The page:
After their five star runaway success with All We Ever Wanted Was Everything, Middle Child were always going to suffer from difficult second album syndrome and it’s a real shame that One Life Stand just doesn’t have the same magic spark. I wanted to love One Life Stand, I really did. There are possibilities of a fantastic play about the promises and pitfalls of monogamy, but the end result is simply patronising and shallow.
It’s disappointing to see they’ve lost touch with what made their work special
In what feels like an anxious attempt to be a ‘zeitgeist-y’ writer, Eve Nicol covers everything from zero hours contracts to social media socialism, cat GIFs and sexual liberation. All interesting subjects, but here they compete for time and space leaving none of them satisfyingly explored. As a result, any possibility of character depth or development is sadly lost. The central relationship is rendered dramatically inept by the fact that nothing is actually at stake; neither of them are happy together and we’re left wondering “Will they, won’t they?” or “When are they going to split up?”. Additionally, much of the dialogue falls into the trap of telling rather than showing us what the characters are feeling, which adds to the sense of being talked at rather than being engaged.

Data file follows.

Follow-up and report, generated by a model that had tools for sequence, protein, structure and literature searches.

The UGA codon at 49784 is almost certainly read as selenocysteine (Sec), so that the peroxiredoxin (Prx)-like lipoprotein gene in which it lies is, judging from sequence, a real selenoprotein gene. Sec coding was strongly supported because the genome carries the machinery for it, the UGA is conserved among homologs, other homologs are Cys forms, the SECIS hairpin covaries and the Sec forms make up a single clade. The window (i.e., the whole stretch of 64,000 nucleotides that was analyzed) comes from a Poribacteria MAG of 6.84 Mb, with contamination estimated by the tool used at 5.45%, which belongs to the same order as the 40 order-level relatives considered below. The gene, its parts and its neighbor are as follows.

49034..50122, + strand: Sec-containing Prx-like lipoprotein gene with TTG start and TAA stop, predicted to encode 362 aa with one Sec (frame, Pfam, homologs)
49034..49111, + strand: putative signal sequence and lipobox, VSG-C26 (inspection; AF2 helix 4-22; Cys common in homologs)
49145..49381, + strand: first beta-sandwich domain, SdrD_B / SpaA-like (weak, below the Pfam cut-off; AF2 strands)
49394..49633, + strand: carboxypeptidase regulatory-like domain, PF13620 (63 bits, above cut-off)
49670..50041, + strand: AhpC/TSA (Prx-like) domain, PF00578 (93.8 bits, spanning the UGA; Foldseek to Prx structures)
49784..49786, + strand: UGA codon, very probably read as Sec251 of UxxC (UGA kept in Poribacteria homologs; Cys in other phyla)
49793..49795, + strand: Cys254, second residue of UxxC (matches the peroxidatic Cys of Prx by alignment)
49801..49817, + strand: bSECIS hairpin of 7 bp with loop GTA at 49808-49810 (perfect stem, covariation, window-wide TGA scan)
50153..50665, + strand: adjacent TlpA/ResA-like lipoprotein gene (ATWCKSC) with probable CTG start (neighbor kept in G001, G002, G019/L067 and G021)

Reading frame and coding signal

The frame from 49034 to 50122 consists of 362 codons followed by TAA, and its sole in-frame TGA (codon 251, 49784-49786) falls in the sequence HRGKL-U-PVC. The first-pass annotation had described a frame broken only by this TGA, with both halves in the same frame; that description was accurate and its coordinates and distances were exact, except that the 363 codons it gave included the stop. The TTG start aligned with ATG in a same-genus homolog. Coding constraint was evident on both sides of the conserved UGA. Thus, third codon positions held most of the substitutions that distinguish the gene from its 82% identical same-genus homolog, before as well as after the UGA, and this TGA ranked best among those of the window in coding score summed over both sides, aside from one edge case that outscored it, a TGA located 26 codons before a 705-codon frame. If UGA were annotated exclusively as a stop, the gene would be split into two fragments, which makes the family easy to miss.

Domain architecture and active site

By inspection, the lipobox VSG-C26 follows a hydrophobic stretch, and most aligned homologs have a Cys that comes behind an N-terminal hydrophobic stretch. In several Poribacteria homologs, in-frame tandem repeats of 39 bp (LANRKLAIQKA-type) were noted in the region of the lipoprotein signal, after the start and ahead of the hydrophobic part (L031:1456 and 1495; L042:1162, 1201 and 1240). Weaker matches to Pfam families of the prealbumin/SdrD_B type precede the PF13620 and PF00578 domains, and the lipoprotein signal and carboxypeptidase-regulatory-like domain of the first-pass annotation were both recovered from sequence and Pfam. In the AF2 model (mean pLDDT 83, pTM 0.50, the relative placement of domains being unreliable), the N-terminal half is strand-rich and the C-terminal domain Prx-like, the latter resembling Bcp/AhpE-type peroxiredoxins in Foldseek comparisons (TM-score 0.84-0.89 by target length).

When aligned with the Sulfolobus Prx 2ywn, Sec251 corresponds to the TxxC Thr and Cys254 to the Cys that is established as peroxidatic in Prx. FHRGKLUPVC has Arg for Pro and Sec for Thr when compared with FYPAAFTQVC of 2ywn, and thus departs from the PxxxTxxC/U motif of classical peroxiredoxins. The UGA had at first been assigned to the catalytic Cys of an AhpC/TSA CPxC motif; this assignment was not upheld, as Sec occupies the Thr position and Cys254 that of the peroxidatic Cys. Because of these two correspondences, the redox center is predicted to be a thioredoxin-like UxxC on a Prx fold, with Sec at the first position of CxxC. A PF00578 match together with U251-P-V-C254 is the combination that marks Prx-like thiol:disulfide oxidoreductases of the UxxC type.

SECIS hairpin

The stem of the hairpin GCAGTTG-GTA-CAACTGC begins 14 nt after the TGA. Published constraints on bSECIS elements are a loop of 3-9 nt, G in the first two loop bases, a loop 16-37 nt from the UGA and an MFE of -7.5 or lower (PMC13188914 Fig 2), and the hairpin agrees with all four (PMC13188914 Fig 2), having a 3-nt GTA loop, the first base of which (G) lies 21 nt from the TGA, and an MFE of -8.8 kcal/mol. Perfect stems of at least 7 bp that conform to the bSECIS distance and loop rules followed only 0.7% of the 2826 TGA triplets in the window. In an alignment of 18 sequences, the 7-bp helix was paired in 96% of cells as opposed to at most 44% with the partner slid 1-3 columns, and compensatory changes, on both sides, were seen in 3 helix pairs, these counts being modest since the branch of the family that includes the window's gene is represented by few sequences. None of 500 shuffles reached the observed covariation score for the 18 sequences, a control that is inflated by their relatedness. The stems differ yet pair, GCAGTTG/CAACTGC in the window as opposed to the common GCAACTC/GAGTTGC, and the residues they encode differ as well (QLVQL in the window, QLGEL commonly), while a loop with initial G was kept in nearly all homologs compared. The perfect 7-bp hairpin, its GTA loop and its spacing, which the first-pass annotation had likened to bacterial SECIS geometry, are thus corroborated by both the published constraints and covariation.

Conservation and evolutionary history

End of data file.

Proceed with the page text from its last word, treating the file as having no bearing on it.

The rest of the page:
It doesn’t help that James Frewer and Honeyblood’s music jars with the narrative and doesn’t contribute much - except a longer running time. The company should be praised for branching out and continuing to experiment in their mission to reinvent musical theatre, but unfortunately it just doesn’t complement the tone, narrative or characterisation. Having seen the heights this company can soar to, it’s disappointing to see they’ve lost touch with what made their work special in the first place. Fingers crossed they find their spark again; the Fringe is duller without it.